GS: I think so because a lot of his background came out of New York City. How that happened, I don’t know, but the Lamar Hotel was built with apartments and with the hotel part. The McKinney Hotel that at that time was called the Lamar Annex was an apartment type hotel. Oh, yeah, I think so, because he lived downtown.
LM: Right, I know.
GS: So yes, I think he was— I don’t think he had any long range total plan. I don’t think he ever had any long— If he did, we didn’t play with block after block after block. At that time we kind of worked on a block. We wanted to see what we could do with a whole block maybe, but he didn’t have any great—that I know of—city planning other than he was obviously very interested in the city and was going to watch it prosper. I guess he could have because at one time I think we had something like 52 pieces of downtown property or maybe more.
LM: That was in the late ‘40s, early ‘50s.
GS: Yeah, uh-hunh (affirmative).
LM: You must have had a tremendous job taking care of all that property.
GS: Well, a lot of it was vacant. A lot of it at that time was land. We owned things like the Houston Terminal Warehouse. That was kind of self-ongoing over there. Some of these other things around there, like the Gulf Building, they were under different management. Over here we did not take care of the things like the Gulf Building, and the hotels had their own engineering staff and everything. We did mainly the remodeling work and major maintenance, and if things went wrong, we had to jump in and replace equipment and that sort of thing.
LM: 23:12 As of this date, 1991, approximately how many buildings are still under the control of the Endowment?
GS: This one.
LM: The only one?
GS: Uh-hunh (affirmative). This is the only one. We have disposed of everything else.
LM: Okay. So the money was invested in other areas when the property was sold.
GS: Invested in other areas and primarily for the charitable operations of the foundation.
LM: I assume the foundation was Mr. Jones’s idea.
GS: Yeah. I guess I’d have to assume that with you. I heard the tale it was brought on by the estate tax law that Roosevelt I think was the daddy of, and that was one way that he could at the time preserve an organization. But when it got all through, he willed all of his stock in Commerce Company to Houston Endowment, and it was the one way to keep it together was through a foundation like, I guess, the Rockefellers and places like that that had done similar things.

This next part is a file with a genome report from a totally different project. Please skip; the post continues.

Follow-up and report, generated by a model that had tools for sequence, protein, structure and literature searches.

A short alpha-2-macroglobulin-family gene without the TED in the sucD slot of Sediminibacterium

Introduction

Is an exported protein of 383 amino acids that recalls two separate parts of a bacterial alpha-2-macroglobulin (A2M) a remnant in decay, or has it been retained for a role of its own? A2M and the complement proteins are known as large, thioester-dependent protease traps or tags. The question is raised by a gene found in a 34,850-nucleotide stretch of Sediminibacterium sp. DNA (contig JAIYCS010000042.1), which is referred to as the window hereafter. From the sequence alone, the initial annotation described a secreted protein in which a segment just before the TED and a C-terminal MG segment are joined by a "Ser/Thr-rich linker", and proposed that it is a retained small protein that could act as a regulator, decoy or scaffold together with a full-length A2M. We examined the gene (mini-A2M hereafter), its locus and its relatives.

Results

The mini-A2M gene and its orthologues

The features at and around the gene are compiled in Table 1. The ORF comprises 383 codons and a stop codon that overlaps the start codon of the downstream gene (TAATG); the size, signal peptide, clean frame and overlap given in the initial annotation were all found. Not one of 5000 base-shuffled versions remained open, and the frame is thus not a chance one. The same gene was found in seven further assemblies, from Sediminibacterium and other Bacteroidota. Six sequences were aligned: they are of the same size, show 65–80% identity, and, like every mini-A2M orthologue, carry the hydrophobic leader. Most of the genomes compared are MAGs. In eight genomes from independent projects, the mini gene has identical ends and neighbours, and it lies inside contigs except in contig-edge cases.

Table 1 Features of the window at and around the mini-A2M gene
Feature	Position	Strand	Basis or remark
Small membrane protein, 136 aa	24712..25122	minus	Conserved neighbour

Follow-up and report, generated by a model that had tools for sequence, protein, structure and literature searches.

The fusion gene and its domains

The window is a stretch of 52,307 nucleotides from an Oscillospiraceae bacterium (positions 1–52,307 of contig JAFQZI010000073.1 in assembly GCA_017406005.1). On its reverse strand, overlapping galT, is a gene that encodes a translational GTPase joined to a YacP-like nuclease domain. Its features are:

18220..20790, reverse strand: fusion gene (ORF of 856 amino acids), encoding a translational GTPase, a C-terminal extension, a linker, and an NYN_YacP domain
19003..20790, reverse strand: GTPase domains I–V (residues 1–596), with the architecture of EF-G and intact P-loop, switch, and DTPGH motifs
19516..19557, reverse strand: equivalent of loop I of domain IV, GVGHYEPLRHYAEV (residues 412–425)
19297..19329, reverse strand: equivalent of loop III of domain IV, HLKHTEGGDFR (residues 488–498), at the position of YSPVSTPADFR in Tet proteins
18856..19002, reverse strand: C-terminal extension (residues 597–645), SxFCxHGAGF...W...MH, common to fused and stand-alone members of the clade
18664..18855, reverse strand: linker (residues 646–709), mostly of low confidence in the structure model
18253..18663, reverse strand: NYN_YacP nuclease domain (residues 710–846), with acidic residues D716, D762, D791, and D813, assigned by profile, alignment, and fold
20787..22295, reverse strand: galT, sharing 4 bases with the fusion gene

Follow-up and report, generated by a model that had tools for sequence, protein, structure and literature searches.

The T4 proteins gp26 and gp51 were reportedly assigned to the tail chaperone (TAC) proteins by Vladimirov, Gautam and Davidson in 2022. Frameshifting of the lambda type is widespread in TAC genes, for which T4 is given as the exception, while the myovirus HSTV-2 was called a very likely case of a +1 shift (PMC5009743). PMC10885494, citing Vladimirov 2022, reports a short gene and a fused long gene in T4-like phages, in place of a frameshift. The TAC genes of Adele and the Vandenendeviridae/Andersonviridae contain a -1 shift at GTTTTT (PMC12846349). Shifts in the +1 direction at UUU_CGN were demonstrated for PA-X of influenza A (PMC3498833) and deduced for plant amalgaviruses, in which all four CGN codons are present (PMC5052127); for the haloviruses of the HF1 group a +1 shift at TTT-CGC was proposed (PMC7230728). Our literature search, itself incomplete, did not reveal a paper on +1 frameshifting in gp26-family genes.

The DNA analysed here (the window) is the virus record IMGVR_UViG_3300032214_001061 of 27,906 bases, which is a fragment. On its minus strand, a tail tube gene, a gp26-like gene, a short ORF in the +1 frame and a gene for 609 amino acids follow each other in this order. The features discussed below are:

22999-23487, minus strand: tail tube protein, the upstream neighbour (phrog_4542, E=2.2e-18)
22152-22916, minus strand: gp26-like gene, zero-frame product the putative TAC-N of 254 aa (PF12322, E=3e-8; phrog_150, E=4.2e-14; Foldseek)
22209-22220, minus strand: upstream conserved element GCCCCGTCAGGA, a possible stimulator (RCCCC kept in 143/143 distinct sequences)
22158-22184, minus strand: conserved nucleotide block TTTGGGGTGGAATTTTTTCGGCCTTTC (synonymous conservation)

LM: With the sale of the properties, and this was in the ‘60s, was it?
GS: In the ‘60s up through— We had until ’78 or ’79 to get rid of other things. Some was given away. Some was given to approved receivers, I should say. We gave the Rice Hotel to Rice University to get the landowner and the building owner together. We gave the Texas State Hotel and the Bar Building to the Moody Foundation in Galveston. It was a Methodist foundation. Is that Moody? I’m not sure which one it is now. And then we sold some of it. But by and large, they gave a good bit of it away. We sold the Lamar Hotel block, sold the Chronicle.
LM: 25:45 So that vastly reduced your responsibilities.
GS: Oh, yeah. I’m not going to be replaced when I retire. I’m the end of the line.
LM: That’s been a distinguished line. You’ve seen a lot.
GS: I’ve seen a lot happening downtown. I sure have.
LM: Do you have any reflections on the changes that have occurred downtown since you came on as a young man?
GS: Not really, I guess. I sort of plug along day after day. I’ve seen a lot of schemes come along that have gone by the boards, like some of the downtown traffic ways and aerial ways and things like that that didn’t get anyplace.
LM: What do you feel is the future of the downtown area as opposed to areas like The Galleria and Greenway Plaza? Do you think Houston’s center of town has been splintered severely?
GS: Definitely, I think it’s been splintered severely. It’s a trend that I don’t know whether they can even reverse or not. More and more and more people are getting out. I think downtown, like a lot of the other major cities, stores are moving out of downtown. They just don’t have the traffic down here, and at this end of town there’s no place to stay in this end of town for out of town guests. I just don’t know. It’s not just eroding; it’s not just moving south or moving west; it’s just moving out.